Research engineer curious about car turn signals as a child now troubleshoots traffic tech at Mcity Test Facility

December 21, 2023

The first time future research engineer Vince Belanger encountered a connected vehicle, he was five years old. The year was 2003 and Vince wasn’t a research engineer yet, of course, but that was OK because the car wasn’t really a connected vehicle.

“Being a kid at five years old, I didn’t understand turn signals; I thought they came on when the car turned,” he recalls. “I thought, ‘How does the turn signal know when to turn on?’ I just figured the vehicle knew where we were going.”

Today, Vince, 26, is an Mcity research engineer, cars are increasingly connected, and he deals with many, many types of signals that control much more than indicating a simple turn.

Vince arrived at Mcity, a public-private mobility research center led by the University of Michigan, in May 2021. Mcity funds academic research, and has worked with its partners to launch advanced mobility pilot projects in Ann Arbor, Detroit and beyond. But the center may be best known for operating the Mcity Test Facility, a purpose-built proving ground for connected and automated vehicles and technologies that opened in 2015. The track replicates a real-world driving environment for safe, controlled, repeatable testing before moving to public roads.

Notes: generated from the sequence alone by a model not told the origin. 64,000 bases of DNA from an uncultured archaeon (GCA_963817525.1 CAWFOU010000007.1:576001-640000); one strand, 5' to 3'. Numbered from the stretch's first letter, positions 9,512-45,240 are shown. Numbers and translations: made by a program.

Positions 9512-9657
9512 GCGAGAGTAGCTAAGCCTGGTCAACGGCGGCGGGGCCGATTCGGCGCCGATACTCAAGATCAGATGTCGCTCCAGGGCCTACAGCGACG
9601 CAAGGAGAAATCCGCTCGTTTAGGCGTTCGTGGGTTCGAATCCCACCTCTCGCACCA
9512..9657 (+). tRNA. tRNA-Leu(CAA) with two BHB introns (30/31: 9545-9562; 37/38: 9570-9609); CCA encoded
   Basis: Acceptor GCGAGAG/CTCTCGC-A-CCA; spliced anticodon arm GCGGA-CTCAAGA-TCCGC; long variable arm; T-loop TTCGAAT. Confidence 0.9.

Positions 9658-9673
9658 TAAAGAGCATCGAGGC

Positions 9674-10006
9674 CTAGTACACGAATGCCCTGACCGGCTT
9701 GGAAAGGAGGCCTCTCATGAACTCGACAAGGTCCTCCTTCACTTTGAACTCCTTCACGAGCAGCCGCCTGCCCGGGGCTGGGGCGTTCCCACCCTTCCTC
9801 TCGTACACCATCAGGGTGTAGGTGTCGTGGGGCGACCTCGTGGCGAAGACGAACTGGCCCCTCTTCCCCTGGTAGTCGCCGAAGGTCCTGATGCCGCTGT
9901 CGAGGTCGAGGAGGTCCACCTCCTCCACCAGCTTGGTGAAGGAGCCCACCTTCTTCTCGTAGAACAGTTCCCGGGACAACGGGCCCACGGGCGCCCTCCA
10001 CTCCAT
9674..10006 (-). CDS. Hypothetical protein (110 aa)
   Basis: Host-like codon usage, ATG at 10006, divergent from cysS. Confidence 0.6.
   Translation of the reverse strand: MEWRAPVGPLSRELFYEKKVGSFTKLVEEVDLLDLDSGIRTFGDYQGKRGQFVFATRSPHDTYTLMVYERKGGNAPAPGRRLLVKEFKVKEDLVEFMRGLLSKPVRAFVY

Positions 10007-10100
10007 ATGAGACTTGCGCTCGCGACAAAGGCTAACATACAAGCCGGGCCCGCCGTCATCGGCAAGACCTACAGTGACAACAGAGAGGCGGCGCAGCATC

Any one of the different devices that we have at the facility, whether it’s a camera, a data sensor, a traffic signal controller, if it breaks, I’m the one who fixes it. I wear a lot of hats.”

Vince Belanger, Research Engineer, Mcity

Vince’s work helps keep the test facility up and running even as new features and capabilities are added. He has handled networking issues, programming and software development, maintaining the computing capabilities of the test track’s small fleet of research vehicles, rolling out a major upgrade to the facility’s capabilities and more. One recent challenge was updating the software used to remotely open and close the doors of a multi-bay garage located on the entry road to the test track. The original programming had reverse-engineered an existing application as part of the process, but once that application was updated, it was no longer compatible with the test-track system.

“Any of the different devices that we have at the facility, whether it’s a camera, a data sensor, a traffic signal controller, if it breaks, I’m the one who checks it out,” Vince says. “I wear a lot of hats.”

The rapid pace of development and change with autonomous vehicles means that Vince’s job has evolved, even in the few years he’s been on staff at Mcity.

“It started off as a network engineering job, with a lot of tasks related to sensors, infrastructure for autonomous vehicles, and just getting things connected and talking to each other,” Vince says. “It almost seemed a little too simple at first and then, as I dug into the intricacies of things, there were a lot of complicated little problems popping up. Then, with my software background, I started to pick up some of the software development projects. It was mostly small things at first but it became more than half of what I do. Pure network maintenance tasks are not that much of my job now.”